Latin jazz

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Machito with maracas , Graciela Grillo with claves at Glen Island Casino , New York, 1947. Photo: William P. Gottlieb

Latin jazz is a variety of modern jazz that is characterized above all by the adoption of rhythms and sometimes compositions from the repertoire of Latin American music . In the narrower sense, it is mainly a crossover between elements of jazz and different styles from the Caribbean , with Cuban music again being given a key position ( Afro Cuban Jazz ). In a broader sense, the term also includes influences from Brazilian popular music .

The Afro Cuban Jazz has evolved since the 1940s and is characterized by the inclusion of melodic and especially rhythmic elements of Afro-Cuban music in the swing and modern jazz from. Cubop , a mixture of Afro-Cuban rhythms and bebop, is considered an early form of Latin jazz . The style was developed in the forties, mainly through the collaboration of Dizzy Gillespie and Mario Bauzá and by Chico O'Farrill .

The Afro-Cuban rhythms are played with a large arsenal of percussion instruments - from the conga drums to the güiros to the claves . For the fusion with jazz, percussionists like Chano Pozo , who mainly worked in New York, were essential. Also worth mentioning are the recordings that Stan Kenton made with the rhythm section of Machito . The folk character of Afro-Cuban music is also reflected in the melodies of Afro Cuban jazz .

In the early 1960s, joined the US-American jazz musicians take the place of interest in the Afro Cuban Jazz an increased attention on the Brazilian Samba and Bossa Nova , engaged in sales success as Jazz Samba , Getz / Gilberto and The Girl from Ipanema were reflected . However, musicians from the Caribbean continued to maintain interest in a fusion of Caribbean and jazz music.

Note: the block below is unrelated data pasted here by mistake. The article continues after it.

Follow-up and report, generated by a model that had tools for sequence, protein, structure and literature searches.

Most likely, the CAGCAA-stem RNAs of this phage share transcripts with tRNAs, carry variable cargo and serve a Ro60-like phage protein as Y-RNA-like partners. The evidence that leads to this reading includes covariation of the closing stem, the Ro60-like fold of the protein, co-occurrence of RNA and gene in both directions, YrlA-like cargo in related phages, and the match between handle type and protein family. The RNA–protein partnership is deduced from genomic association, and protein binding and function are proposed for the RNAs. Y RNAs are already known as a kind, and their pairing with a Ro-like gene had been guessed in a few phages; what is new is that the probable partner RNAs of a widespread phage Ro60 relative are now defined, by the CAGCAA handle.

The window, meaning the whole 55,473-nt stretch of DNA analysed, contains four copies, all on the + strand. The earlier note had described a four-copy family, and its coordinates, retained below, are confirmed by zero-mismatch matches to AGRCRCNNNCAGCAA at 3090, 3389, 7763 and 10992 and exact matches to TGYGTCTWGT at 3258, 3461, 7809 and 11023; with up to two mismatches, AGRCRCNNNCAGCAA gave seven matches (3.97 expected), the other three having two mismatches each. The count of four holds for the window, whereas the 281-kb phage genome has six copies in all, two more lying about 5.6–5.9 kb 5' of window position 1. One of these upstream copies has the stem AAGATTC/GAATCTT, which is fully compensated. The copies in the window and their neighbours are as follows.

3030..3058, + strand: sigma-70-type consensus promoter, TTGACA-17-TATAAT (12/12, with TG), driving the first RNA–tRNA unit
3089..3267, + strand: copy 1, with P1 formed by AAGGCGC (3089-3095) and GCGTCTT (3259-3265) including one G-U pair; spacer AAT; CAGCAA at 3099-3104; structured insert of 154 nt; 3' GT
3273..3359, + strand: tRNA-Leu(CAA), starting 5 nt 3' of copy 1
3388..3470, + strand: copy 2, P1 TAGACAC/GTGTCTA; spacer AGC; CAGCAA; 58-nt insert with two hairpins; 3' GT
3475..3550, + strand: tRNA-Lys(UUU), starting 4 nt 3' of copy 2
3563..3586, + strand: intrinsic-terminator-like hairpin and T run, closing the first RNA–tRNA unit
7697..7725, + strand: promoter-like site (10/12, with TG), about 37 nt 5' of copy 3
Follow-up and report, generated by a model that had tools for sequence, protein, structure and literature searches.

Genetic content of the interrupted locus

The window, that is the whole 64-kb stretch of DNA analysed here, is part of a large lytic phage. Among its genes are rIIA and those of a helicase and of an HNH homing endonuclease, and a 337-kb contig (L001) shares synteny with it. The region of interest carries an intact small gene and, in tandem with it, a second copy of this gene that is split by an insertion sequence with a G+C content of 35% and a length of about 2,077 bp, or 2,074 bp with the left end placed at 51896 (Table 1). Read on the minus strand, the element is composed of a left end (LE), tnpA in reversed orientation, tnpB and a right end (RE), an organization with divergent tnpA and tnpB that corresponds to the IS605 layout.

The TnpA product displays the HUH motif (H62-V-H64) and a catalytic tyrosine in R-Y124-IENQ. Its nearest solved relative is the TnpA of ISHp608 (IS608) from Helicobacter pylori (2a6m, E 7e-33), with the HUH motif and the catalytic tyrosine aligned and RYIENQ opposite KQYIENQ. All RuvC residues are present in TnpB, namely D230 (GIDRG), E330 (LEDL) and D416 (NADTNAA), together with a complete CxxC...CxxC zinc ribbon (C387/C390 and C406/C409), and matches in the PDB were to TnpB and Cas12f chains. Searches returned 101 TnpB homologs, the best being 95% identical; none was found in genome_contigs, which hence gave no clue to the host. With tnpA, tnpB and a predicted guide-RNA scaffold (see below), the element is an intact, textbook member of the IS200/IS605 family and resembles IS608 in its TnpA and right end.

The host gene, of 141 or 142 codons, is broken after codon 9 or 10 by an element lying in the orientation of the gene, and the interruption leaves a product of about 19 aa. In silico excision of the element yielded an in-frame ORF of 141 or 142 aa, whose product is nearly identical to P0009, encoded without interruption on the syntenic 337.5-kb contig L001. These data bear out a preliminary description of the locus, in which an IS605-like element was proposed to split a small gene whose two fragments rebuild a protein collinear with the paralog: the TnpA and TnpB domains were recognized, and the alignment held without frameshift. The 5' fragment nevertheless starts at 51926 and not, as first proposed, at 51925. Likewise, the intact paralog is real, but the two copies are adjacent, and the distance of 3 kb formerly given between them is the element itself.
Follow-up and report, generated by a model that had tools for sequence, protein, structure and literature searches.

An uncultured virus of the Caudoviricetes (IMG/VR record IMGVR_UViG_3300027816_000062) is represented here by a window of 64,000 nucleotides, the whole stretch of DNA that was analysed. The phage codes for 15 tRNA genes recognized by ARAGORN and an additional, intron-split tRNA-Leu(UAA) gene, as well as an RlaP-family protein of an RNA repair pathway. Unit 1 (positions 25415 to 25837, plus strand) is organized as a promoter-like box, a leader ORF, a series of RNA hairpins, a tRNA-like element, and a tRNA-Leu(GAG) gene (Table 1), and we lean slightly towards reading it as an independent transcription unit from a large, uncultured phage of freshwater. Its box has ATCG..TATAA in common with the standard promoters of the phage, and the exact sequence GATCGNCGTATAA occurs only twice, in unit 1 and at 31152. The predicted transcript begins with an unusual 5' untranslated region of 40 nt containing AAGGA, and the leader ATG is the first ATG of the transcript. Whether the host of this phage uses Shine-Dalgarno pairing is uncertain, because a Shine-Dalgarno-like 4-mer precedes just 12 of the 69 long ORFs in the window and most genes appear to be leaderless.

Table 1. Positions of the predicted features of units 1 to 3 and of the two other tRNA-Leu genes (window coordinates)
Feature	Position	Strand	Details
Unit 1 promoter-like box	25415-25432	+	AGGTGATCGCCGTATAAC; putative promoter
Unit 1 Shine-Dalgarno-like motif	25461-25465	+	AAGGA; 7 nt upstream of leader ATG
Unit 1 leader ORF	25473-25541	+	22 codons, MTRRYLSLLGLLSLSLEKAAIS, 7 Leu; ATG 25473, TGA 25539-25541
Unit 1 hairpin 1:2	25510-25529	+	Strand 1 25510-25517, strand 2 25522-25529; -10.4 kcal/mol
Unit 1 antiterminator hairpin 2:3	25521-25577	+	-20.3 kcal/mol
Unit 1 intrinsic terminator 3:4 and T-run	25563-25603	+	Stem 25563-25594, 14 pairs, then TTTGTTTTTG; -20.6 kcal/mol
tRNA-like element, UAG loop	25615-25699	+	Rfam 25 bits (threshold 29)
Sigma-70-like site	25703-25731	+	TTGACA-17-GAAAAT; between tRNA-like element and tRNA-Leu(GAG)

Jazz-related varieties of salsa music are cultivated in the Descarga by groups such as the Fania All Stars , the Tico All Stars or the Cesta All Stars with their jazz solos.

Delimitation of the term

Arturo Sandoval at the Timbales (2010)

The abbreviation latin (from Latin American ) denotes many cultural phenomena in the USA that are closely related to Latin America . Above all, terms that are significant in the context of music and dance have been adopted into international linguistic usage .

The terminology used in relation to the Afro-American musical styles turns out to be not always meaningful and helpful, for example due to linguistic differences as well as cultural and sometimes political reservations. Among other things, it tends to conceal rather than clarify the fundamental close relationship between the main currents (jazz and blues from the USA, Cuban-Caribbean and Brazilian music ) and their uninterrupted mutual influence.

A determining factor in the history of Latin jazz turned out to be that those Latin American countries with only a small proportion of black populations had little or no contribution to the development of music.

Despite its close proximity to the USA, Mexico's music has found little echo in jazz. Even a recording such as Charles Mingus ' Tijuana Moods (1957), which bears the name of the Mexican border town in the title, primarily reflects Spanish and Caribbean music in the audible result. However, some originally Mexican boleros found their way into the jazz repertoire via Cuban music, a well-known example is Bésame mucho by Consuelo Velázquez .

The rich musical tradition of Argentina and Uruguay was also neglected by jazz for a long time. The work of Gato Barbieri was an exception, especially in the 1970s. Since about 1990, however, there has been a remarkable change here, originally due to the popularity of the compositions by Astor Piazzolla and Tango Nuevo . Whether this relatively modern “tango jazz” will be assigned to the broader genre of Latin jazz in the long term cannot yet be foreseen.

Important musicians, composers and bands

United States
Cuban-Caribbean style
Brazilian style
European style